Teacher Education, Educational Leadership & Policy ETDs

Author

Douglas Wine

Publication Date

2-1-2016

Abstract

Teacher evaluation literature presents a history that reflects the increasing need to account for the role of the teacher in the classroom. Extensive research has identified a series of best teaching practices but not a means to know in what context they work best, nor why they do not work for some students. Recently, student surveys provide a snapshot into teacher practices as well. This study held student conversations with underachieving and high achieving students to seek answers to the following two questions: What perspectives can students provide about what influences their achievement in the classroom? How do students perceptions of their teachers' expectations, behaviors, and attitudes impact these students' success? The specificity of the responses shows thoughtfulness and depth from each student, whether high achieving or underachieving, and offers additional validation that students know effective teaching. The data from twelve interviews suggest structured interviews should occur if the process is focused as an exploration of continuous teacher improvement undertaken with the practitioner and the observer. Further, the data suggest that underachieving students focus on needs for task completion, the opportunity to pass the class, and extra time to finish work. In addition, they see themselves as accountable and responsible for their own achievement as opposed to partnering in learning and success with their teachers. Several questions arise from the dichotomies presented in the study which focus on understanding what students can be taught to close these achievement gaps. The study suggests structured student interviews provide data as accurate as a trained evaluator and the feedback and improvements students provide could improve teaching during a course. The data suggest that underachieving students have a different understanding of education than high achieving students do which points to a need for further research to determine how to target interventions or understandings to improve student achievement.'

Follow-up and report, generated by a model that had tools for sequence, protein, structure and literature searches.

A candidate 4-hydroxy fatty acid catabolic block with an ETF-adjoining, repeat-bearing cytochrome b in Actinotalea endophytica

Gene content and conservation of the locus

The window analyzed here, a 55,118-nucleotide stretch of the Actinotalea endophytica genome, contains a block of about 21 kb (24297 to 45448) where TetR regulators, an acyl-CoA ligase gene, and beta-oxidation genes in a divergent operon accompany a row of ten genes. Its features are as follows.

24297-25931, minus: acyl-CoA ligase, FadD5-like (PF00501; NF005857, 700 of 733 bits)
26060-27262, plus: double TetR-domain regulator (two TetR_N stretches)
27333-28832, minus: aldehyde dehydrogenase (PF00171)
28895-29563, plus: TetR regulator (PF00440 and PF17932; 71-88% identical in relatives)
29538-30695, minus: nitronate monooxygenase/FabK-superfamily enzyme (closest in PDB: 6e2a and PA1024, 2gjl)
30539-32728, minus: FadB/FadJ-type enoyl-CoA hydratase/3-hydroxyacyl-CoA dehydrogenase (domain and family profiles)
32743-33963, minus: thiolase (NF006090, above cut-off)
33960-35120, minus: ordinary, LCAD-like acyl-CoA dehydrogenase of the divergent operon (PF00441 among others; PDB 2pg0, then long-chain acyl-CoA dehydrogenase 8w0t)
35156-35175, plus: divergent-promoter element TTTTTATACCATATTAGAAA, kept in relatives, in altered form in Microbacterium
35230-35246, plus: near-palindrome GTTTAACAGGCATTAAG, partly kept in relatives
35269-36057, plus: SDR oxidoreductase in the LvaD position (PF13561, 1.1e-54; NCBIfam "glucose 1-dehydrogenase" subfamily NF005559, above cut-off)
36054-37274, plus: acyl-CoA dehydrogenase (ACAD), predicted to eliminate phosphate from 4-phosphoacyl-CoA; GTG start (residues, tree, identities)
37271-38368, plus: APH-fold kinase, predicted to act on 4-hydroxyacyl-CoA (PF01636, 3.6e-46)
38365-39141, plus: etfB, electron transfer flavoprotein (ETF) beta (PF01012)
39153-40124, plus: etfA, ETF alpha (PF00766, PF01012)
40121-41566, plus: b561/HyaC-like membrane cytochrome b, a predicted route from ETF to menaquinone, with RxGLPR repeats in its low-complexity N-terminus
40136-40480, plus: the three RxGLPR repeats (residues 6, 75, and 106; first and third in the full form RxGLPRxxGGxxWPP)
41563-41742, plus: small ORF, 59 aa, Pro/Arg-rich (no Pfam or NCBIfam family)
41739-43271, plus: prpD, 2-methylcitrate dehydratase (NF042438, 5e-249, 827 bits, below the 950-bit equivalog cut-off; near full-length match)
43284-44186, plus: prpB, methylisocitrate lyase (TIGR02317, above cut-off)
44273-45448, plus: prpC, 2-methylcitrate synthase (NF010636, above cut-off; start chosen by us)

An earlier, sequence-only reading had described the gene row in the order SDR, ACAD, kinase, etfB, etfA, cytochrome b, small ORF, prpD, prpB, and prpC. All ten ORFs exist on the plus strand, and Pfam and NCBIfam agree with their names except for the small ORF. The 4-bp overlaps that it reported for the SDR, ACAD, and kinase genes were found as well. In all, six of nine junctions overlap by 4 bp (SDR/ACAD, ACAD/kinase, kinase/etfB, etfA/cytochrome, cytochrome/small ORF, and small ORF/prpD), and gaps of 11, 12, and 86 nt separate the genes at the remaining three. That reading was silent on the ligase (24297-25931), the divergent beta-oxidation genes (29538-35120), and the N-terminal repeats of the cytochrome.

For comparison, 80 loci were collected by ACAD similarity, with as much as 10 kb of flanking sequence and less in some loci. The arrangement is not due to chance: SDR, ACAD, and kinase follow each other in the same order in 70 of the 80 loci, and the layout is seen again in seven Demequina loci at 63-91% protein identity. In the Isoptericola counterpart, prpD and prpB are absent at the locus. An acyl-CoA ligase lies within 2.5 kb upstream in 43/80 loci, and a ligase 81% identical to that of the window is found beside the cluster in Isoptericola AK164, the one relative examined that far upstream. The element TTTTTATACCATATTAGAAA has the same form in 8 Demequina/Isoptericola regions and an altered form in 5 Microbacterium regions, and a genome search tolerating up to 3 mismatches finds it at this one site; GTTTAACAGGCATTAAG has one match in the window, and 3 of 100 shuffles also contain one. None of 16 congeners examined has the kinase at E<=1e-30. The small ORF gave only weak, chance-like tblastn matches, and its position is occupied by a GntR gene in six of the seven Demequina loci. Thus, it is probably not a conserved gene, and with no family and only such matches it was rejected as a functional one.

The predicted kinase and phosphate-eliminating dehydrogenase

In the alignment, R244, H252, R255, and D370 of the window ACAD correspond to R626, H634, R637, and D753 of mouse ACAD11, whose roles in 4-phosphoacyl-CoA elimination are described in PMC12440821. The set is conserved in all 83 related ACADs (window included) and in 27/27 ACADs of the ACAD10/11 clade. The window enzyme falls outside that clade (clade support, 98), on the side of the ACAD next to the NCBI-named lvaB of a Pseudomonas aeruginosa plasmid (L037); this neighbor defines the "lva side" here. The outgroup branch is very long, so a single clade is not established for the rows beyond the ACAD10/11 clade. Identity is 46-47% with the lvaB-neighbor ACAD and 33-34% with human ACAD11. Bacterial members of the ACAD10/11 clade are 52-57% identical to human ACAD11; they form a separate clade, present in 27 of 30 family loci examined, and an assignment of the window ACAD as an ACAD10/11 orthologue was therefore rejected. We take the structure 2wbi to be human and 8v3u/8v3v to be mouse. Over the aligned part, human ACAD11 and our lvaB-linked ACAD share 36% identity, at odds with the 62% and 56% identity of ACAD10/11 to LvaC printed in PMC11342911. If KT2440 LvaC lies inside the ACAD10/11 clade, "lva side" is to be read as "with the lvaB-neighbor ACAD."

Keywords

Teacher Evaluation, Charlotte Danielson, NMTEACH Observation, Student Feedback, Student Interviews, Robert Marzano, MET Survey

Document Type

Dissertation

Language

English

Degree Name

Education

Level of Degree

Doctoral

Department Name

Teacher Education, Educational Leadership & Policy

First Advisor

Woodrum, Arlie

First Committee Member (Chair)

Florez, Viola

Second Committee Member

Paul, Linda

Third Committee Member

Gonzales, Angelo

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